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Vanguard requires you to enable fallback SMS 2FA before you can enable U2F, which results in a net decrease, rather than increase, in account security.



How does an insecure second factor affect the security of the original factor?

EDIT: apparently the OP meant SMS password reset without requiring the second factor, not SMS 2FA. Of course that's terrible.


> How does an insecure second factor affect the security of the original factor?

If I want to compromise your account, I force fallback and then compromise your SMS. Security is as strong as the weakest link.


I understand that it could reduce your security to the level of one-factor authentication. That's really easy to do. It is not reducing the security below what one-factor authentication provides, like the OP argued it did.


I compromise your SMS. I initiate password recovery, and tell Vanguard "I forgot my password -- but look! It's still me! I can receive SMS challenges!"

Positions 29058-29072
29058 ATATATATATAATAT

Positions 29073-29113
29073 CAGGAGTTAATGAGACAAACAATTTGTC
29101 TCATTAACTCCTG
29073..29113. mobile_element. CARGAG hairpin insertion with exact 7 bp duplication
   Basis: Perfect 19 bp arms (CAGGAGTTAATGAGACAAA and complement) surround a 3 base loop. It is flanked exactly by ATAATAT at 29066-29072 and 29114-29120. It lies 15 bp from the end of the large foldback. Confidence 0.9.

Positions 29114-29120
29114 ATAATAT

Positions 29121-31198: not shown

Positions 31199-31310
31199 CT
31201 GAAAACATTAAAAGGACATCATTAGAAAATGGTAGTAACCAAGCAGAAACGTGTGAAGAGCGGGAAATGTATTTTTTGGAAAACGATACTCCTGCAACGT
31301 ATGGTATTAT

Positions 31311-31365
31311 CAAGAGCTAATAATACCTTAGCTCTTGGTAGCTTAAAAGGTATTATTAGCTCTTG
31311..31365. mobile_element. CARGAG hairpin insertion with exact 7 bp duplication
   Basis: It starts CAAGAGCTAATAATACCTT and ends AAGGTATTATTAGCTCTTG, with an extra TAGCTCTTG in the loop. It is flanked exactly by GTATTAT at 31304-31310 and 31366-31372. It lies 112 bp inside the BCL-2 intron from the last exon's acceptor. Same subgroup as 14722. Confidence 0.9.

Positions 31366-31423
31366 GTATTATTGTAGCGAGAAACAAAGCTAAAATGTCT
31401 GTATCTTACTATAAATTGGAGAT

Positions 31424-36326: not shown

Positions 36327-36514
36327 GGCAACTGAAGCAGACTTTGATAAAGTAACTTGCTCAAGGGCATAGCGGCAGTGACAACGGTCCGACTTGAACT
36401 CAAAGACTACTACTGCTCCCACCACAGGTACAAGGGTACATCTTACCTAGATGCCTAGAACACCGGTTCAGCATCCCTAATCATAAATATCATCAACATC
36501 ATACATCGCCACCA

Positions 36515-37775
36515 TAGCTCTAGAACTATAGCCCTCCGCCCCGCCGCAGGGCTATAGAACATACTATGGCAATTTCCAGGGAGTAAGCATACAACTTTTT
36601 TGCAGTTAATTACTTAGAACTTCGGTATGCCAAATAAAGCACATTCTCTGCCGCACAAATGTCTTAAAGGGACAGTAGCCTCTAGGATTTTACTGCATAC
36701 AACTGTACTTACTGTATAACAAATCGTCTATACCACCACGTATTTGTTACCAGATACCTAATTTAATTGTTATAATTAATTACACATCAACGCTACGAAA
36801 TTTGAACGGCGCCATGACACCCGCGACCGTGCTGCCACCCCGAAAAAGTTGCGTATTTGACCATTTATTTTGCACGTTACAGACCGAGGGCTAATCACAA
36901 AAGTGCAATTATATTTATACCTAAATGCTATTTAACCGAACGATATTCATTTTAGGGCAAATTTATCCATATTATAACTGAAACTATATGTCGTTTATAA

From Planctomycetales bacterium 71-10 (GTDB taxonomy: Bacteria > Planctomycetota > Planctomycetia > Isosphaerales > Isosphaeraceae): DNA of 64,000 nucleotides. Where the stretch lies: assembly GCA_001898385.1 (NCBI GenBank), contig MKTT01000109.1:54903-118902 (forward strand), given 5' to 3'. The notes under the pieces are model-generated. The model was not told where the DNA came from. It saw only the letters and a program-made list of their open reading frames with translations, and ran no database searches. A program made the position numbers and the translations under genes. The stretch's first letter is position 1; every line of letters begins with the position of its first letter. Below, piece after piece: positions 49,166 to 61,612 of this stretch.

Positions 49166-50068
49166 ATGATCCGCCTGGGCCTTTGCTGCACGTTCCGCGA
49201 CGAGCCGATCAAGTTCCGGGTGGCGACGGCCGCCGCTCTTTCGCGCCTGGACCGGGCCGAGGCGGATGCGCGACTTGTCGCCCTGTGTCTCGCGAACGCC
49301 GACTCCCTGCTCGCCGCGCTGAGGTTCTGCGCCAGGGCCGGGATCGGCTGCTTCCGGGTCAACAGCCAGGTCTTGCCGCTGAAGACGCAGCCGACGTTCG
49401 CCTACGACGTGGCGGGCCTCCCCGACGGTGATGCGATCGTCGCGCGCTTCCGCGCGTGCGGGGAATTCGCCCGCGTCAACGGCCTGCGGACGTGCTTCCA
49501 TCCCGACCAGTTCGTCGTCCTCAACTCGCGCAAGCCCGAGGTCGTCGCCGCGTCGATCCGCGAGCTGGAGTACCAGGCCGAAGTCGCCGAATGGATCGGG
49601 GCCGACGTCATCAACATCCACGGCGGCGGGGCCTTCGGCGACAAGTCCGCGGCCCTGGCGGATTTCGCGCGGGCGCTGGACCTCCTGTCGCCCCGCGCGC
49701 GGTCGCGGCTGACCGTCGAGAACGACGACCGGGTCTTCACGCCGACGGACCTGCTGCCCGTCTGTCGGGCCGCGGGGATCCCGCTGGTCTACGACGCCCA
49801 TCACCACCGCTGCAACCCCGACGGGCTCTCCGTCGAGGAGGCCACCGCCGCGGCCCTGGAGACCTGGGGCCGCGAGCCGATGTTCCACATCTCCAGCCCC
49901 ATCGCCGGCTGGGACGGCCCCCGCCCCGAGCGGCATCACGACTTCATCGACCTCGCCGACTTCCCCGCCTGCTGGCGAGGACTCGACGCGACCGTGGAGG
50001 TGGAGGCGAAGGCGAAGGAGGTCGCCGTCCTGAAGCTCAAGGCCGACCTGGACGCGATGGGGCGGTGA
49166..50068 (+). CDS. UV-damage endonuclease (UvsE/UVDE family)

That's a SMS password reset mechanism, e.g. one-factor authentication, not two-factor authentication.


That's my point. Adding an SMS number to your account reduces the security of your account to one-factor SMS authentication.


The point here is that if you cannot remove the much lower sms sec then it's no more secure than sms only


How does a wooden screen door on the back of your bank vault affect the security of the vault door?


That analogy doesn't make sense.

It's more like you have a deadbolt and a regular lock. Sure, you can open the regular lock with just a credit card, but that doesn't help you with the deadbolt...


No, because in your scenario, you have to get through the deadbolt AND the regular lock. In the Vanguard scenario, you have to get through the deadbolt OR the regular lock.


That's not what the OP said originally. It's a bit disappointing that people are dispensing security advice without understanding the difference between password reset mechanisms and 2FA mechanisms. :-(


Oops, I see, sorry, you're totally right.


Yeah, I bring this up to them roughly once a year. It's crazy that they don't allow you to disable SMS.




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